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Buffalo State College President Muriel A. Moore helped launch the institution's first international distance-learning program today -- from San Jose, Costa Rica.

She is in the Central American republic for the inauguration of a new network linking the Lincoln School in San Jose with Buffalo State and City Honors, Grover Cleveland and Clarence Central high schools.

The new network will provide faculty and students at all the institutions with academic programming and cultural exchanges.

"This connection between institutions represents an historic opportunity for Buffalo State College," Ms. Moore said. "Through interactive video technology, we are able to extend the reach of our academic programs well beyond the Buffalo region."

An electronic ribbon-cutting ceremony, formally launching the distance-learning program, was held this morning in Buffalo State's Center for Applied Research in Interactive Technologies as well as in Costa Rica.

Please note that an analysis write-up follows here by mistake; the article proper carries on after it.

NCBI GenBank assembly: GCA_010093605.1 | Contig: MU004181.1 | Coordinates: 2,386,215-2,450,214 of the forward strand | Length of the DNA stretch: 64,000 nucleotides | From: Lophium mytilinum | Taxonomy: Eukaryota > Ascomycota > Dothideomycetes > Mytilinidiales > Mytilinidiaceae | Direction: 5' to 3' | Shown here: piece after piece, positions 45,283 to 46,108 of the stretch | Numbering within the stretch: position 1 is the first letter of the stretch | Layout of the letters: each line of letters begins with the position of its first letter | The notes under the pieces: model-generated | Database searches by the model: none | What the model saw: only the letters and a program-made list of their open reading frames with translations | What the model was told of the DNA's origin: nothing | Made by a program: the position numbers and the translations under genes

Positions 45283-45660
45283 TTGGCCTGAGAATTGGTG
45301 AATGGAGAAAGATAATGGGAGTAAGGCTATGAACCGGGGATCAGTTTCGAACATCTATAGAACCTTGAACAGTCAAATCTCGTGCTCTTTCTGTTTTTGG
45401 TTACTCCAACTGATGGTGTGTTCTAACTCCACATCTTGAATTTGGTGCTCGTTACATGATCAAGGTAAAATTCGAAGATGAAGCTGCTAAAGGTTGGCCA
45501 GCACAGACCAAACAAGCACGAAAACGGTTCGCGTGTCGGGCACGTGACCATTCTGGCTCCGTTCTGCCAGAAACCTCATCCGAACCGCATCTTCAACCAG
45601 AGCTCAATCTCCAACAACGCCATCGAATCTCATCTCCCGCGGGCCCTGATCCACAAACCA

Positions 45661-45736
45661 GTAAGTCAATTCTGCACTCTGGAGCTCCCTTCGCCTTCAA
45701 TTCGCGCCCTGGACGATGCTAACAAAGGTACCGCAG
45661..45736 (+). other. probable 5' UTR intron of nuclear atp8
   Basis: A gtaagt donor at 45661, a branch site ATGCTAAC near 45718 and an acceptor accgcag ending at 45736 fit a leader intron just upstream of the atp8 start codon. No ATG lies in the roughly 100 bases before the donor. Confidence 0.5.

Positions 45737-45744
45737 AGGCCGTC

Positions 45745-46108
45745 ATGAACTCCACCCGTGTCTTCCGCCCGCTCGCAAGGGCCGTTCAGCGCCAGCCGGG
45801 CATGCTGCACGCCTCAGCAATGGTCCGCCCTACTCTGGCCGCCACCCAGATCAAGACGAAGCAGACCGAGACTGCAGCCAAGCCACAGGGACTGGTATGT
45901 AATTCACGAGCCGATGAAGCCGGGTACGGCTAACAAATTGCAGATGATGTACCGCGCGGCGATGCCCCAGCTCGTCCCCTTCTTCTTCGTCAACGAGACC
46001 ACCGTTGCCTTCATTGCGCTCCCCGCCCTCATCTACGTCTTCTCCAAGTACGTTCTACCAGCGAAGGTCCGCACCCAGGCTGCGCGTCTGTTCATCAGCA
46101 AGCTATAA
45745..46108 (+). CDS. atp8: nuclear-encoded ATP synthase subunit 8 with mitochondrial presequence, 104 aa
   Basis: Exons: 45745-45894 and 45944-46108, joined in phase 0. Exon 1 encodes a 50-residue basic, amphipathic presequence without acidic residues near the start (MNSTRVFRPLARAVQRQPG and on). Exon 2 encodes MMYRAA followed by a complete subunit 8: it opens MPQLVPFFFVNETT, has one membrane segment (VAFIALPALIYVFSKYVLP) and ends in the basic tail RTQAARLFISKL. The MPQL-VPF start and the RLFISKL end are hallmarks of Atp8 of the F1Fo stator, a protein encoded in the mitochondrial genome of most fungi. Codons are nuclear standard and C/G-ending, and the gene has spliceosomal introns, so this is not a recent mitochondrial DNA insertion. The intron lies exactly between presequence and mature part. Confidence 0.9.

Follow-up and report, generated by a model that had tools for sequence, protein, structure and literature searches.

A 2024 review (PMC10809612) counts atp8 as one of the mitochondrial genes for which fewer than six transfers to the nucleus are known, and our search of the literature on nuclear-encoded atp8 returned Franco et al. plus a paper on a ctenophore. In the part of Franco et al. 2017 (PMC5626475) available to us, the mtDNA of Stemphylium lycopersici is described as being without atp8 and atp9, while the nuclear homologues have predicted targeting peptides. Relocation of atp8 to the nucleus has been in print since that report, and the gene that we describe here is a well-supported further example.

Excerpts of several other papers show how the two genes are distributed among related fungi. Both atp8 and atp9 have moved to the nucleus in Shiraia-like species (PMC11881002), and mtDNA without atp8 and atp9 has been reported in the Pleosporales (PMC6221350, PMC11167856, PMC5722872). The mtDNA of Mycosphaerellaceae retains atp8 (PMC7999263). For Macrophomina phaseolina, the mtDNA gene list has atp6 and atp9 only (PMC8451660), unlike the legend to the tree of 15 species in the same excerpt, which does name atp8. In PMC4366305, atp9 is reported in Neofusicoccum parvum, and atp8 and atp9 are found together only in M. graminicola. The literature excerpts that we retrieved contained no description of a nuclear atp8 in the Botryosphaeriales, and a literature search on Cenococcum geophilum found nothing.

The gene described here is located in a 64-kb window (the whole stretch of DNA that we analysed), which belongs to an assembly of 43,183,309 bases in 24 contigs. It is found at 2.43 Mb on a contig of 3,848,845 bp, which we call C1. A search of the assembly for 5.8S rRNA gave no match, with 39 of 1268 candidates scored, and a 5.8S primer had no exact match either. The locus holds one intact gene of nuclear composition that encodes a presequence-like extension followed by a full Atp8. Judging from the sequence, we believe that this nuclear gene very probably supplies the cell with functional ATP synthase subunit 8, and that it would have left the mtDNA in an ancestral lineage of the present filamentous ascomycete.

Representatives also were to be in City Honors' and Grover Cleveland's interactive classrooms. Both schools are part of the Buffalo CityNet consortium linking 11 local agencies.

City Honors already has an exchange program with Lincoln School, a kindergarten through 12th grade bilingual school. Clarence Central has a sister school relationship with Lincoln, and Grover Cleveland expects to have cultural exchanges with the school.

Costa Rican officials expected to be with Ms. Moore in San Jose during the electronic ribbon cutting included Eduardo Doryan, Costa Rican minister of education; Thomas Dodd, U.S. ambassador to Costa Rica, and Jack Delman, director general of the Lincoln School. Donald Jacobs, director of Buffalo State's Center for Applied Research in Interactive Technology, and Wendy Patterson, an assistant professor of education at the college, are in Costa Rica with Ms. Moore.

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